The birth of my twin girls brought a whole new set of stressors, but I didn’t experience the PPD/A to the extent I did with my son because I was prepared and so was my doctor.

Now that my son is older and he can read and understand my tone and body language, I have to work extra hard to contain my urges to express my gigantic frustrated feelings with loud words, slammed cabinet doors, or throwing a toy outside on the porch, aka “toy time out” when he accidentally-on-purpose tries to hit his sisters or nearly breaks the TV with said toy seven times. He’s my mini-me: a big-hearted fixer who wants to make and keep everyone happy, but he has just enough mischief behind those big blue eyes and smart-alec in his mouth to push every single one of my buttons. We butt heads a lot because we are so alike. Lately, I’m finding that he’s picking up on my yelling and it breaks my heart that he’s learned that from me. As a result, I’m trying to be extra aware of my triggers and follow through. Sometimes I walk away, but walking away isn’t always possible with the ten-month-old mobile twins in the mix. Sometimes I try to distract or deflect our attention from the stressor, even if that means TV, candy, or something I might find more annoying or would normally deny. Going outside always seems to help us both. Still, there are plenty of times when I lose my composure and I yell. When that happens, I try my best to walk away for just a minute to pull myself together, and then I explain my “big feelings” and talk about why I yelled. I also apologize and remind him that I always, always love him, even if I get mad or frustrated. We attempt special one-on-one time when we can, and I do my best to use positive reinforcement.

I need time-outs from more than just my son. The other night my husband tried to express his frustration with my addiction to screen time. I understood his underlying point, but his delivery frustrated me and I worked myself into anger (this happens a lot with us-he’s a man of few words and I expect lengthy discussions and explanations.) As I lay in bed trying to go to sleep, I felt the heat burning a hole in my tongue, and in order to resist saying things that were unnecessary and downright mean, I put myself in time out by exiting the room and laying on the couch in the dark. Twenty minutes later, he found me asleep and when I awoke, apologetic. He didn’t deserve my outburst.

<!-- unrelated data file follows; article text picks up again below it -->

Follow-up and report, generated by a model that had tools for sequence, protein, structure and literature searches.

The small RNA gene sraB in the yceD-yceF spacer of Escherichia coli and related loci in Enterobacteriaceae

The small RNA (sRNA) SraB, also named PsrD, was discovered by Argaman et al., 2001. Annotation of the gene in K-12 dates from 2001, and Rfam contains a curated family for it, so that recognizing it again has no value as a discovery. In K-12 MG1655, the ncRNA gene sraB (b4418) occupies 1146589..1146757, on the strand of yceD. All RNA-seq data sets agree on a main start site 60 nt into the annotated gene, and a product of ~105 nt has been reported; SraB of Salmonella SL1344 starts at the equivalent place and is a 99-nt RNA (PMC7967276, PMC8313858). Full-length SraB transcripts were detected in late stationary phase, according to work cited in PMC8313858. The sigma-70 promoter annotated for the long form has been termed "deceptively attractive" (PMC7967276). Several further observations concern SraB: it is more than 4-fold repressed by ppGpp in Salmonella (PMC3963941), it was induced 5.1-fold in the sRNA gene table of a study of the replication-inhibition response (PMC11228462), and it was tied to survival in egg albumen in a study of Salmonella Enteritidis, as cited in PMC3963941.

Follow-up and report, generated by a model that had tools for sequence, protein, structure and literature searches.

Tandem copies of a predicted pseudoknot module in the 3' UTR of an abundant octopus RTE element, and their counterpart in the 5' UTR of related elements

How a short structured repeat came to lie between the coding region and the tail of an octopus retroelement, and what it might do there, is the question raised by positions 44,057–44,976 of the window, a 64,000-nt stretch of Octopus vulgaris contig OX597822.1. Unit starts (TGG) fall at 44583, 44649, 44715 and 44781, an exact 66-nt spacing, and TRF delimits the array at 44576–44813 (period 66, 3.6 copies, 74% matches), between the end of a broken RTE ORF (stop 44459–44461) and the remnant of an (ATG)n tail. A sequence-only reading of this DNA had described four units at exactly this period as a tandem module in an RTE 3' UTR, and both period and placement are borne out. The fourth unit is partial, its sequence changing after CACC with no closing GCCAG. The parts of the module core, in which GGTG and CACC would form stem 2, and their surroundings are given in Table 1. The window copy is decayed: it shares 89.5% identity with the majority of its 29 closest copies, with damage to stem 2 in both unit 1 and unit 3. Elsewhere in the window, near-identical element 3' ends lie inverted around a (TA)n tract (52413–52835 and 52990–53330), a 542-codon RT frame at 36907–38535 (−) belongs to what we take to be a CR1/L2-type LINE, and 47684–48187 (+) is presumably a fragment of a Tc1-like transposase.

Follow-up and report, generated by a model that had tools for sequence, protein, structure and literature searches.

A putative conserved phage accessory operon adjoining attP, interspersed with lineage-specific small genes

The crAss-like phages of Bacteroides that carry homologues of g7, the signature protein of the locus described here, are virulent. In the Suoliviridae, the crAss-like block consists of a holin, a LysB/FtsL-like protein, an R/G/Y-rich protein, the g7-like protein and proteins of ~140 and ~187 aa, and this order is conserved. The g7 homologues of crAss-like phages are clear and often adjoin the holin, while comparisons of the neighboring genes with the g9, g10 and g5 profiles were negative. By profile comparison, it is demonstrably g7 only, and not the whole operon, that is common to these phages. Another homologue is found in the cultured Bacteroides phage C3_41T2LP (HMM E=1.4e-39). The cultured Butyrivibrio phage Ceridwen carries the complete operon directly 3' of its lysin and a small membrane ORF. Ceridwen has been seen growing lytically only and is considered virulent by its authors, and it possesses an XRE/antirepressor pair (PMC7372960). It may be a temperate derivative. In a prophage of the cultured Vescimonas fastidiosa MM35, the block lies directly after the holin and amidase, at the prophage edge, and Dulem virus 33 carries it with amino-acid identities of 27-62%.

I try to think of myself as s toddler when I’m frustrated. What are the roots of my rage? It’s usually the big three: fatigue, hunger, or feeling like I’m tapped out. If I can stop myself just before the yelling starts, or even in the midst of it, I address these things first. Snacks, snuggles with my three kiddos, sneaking off to take a rare Saturday afternoon nap, and trying to use my words to explain why I acted out and ask what we can do together to fix it all help. Communication is key with my husband. Venting to friends and patient coworkers helps me survive when I’m at the office.

I’m far from being the perfect parent, but I know that I still fall into the realm of normal. My son is not old enough to understand this, but I remember my mom saying “I love you, I will always love you, but I do not like you very much right now.” We all have those moments. All of us—and that’s okay.

Some of us just have to work a little bit harder to make sure they’re fewer and farther between.